The dramatic rise in maize prices has boosted production worldwide. In 2000/01, maize production outside America was less than 340 million tonnes while the US produced some 250 million tonnes, giving it a 42 per cent market share. This year, production outside the US could reach 600 million tonnes compared with an early estimate of 350 million tonnes within the US, reducing its market share to 37 per cent or less.
However, should the recovery in the US economy slow down, the rate of expansion in chicken output could be curtailed somewhat. Tough economic conditions through 2011 resulted in several companies either having to close or be acquired by competitors. Dr Aho considers that as much as 80 per cent of US production could eventually come from just three or four companies. USDA long-term forecasts point to production increasing by only 1.3 per cent a year from now until 2021 when broiler output is expected to reach 19 million tonnes.
While, as for all countries, the estimates of chicken meat production vary somewhat according to source, there can be no doubt that the industry in Brazil has recorded a rapid increase since 2000 with an annual rate of growth in the six– to seven per cent range. Currently, it is considered that the rate of increase has been halved to around three per cent, reflecting uncertainties regarding the likely growth in exports, domestic consumption and higher production costs. Chicken meat output this year is likely to amount to some 13.3 million tonnes. USDA forecasts anticipate a growth of around 2.4 per cent a year which would put the 2020 total at around 16 million tonnes. In contrast, a Brazilian Ministry of Agriculture/Brazilian Agricultural Research Corporation study expects a much more optimistic 4.2 per cent a year increase to 2021/22.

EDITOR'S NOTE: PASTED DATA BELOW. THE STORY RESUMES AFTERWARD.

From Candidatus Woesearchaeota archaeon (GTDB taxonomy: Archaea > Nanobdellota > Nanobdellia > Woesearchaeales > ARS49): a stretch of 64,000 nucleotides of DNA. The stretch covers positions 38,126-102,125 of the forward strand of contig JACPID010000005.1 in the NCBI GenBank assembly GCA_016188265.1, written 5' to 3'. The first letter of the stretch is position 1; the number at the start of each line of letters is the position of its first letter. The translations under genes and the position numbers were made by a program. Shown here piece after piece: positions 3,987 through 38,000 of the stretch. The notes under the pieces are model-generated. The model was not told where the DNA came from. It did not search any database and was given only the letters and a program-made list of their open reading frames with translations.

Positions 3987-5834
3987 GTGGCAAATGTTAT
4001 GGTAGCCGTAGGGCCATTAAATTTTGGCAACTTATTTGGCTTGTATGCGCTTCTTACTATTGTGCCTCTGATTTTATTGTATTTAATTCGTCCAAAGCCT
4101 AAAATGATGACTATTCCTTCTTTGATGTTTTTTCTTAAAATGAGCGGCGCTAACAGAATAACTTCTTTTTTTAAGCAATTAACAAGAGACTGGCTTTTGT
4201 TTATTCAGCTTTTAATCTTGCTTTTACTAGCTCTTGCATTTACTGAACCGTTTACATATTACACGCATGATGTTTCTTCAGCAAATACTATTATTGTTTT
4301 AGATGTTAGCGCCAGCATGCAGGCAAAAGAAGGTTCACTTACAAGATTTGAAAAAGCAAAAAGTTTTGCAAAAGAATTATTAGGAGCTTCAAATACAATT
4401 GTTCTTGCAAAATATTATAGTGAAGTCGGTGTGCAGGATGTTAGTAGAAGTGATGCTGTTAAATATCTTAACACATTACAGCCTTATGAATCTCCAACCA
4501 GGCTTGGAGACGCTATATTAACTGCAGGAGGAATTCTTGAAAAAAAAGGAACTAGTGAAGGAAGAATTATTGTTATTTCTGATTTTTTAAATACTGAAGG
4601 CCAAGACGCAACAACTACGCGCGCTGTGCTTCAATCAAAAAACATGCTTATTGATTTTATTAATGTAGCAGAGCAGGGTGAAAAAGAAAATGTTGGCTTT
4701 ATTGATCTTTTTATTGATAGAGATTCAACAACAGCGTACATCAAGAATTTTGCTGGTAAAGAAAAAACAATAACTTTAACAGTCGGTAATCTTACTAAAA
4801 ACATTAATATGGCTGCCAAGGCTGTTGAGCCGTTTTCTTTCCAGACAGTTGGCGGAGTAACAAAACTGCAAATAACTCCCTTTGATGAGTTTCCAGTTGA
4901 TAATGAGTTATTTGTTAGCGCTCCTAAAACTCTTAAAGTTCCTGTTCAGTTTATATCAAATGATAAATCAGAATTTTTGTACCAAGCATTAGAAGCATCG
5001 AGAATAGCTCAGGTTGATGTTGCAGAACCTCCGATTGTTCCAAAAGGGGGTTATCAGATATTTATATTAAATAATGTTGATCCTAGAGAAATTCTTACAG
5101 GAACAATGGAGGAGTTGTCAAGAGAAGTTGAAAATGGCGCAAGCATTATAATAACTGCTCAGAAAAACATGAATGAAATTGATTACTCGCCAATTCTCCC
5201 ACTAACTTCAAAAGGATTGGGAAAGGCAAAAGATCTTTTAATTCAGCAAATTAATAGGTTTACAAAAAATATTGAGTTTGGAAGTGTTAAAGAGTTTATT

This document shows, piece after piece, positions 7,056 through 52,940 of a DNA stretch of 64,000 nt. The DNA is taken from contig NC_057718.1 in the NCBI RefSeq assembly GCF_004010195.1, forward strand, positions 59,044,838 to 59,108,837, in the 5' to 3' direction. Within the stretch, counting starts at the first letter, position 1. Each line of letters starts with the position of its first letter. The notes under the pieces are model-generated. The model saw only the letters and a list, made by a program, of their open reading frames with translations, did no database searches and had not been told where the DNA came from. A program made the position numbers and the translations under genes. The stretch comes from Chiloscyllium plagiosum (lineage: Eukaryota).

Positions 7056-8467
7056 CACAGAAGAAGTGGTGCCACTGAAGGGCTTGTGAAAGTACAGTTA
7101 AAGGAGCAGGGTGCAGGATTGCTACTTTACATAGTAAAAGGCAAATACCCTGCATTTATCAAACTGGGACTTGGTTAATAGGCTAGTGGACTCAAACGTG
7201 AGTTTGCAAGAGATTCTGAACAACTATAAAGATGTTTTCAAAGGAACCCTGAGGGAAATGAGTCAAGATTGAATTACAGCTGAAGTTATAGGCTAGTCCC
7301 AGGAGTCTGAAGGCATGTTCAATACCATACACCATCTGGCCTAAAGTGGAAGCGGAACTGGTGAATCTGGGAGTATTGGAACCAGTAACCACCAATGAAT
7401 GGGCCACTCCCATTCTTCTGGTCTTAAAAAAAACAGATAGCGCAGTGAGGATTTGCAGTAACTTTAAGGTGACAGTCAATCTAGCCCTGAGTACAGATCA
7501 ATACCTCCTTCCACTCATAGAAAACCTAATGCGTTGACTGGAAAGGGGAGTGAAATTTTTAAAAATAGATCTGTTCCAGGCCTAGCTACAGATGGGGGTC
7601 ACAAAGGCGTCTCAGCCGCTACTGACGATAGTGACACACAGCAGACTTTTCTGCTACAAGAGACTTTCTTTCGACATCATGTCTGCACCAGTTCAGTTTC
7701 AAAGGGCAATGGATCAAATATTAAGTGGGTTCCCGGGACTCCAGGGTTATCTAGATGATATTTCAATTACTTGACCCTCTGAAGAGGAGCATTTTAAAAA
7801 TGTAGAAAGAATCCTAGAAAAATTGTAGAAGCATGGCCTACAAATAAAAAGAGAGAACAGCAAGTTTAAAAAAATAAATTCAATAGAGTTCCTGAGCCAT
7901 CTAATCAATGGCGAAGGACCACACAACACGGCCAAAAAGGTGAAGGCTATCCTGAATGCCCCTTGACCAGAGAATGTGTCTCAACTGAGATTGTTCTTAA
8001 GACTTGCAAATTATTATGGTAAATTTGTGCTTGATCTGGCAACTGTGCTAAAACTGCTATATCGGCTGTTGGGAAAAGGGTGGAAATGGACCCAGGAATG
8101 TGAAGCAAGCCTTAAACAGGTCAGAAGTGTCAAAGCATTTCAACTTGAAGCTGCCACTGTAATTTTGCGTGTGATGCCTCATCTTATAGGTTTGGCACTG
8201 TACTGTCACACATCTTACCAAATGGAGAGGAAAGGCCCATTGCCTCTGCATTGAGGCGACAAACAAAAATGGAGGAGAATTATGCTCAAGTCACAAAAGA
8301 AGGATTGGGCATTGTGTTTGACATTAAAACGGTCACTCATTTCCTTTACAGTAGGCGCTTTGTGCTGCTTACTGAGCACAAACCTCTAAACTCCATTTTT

Late in 2011, the Brazilian anti-trust regulator approved the merger of Sadia and Perdigão to create Brasil Foods SA (BRF), which now supplies 35 per cent of the domestic market and accounts for nearly half of Brazil’s exports. BRF is currently building a processing plant in the United Arab Emirates capable of producing 80,000 tonnes a year of further-processed chicken products.
Continued vertical integration in Mexico is helping offset the negative impact of high grain prices, according to a USDA report and as a result, it is anticipated that production this year will show a small gain over 2011 at a shade over 2.9 million tonnes, while three million tonnes could be achieved in 2013. As well as the worst drought for 70 years, the industry is having to contend with high grain prices as well as increased competition for feed from the pork and beef sectors. The country was also been hit by a series of outbreaks of highly-pathogenic avian influenza from the end of June 2012. The initial focus of the outbreaks was in Jalisco, the country’s leading egg-producing state with the resulting cull soon running into the millions. If the infection spreads to other regions, Mexico’s chicken meat industry could suffer production and trade difficulties for some time to come.
Although a much smaller industry than in the US or Brazil, chicken production in Argentina more than doubled between 2000 and 2011, reaching close to 1.8 million tonnes with an average growth rate of 6.7 per cent. Continued expansion is anticipated, boosted by increasing consumption allied to an expanding export trade. Consequently, production in 2013 is expected to come close to two million tonnes.
Canada operates a supply-management scheme for broiler production via a quota system, the quantities being reappraised on an eight–week cycle. In the decade to 2010, output expanded at 1.6 per cent a year but since then, growth has been limited to only 0.6 per cent and in general, it is considered that future growth will primarily be linked to population increases and to a lesser extent, dietary preferences.
The two other countries with annual broiler outputs in excess of a million tonnes, according to the USDA (Table 4) – Peru and Colombia – recorded good annual growth rates of 6.5 per cent and 5.4 per cent, respectively, from 2000 to 2010. If Peru has managed to maintain that momentum, annual output will have exceeded that of Canada. However, in Colombia, production has since slowed to around one per cent per year.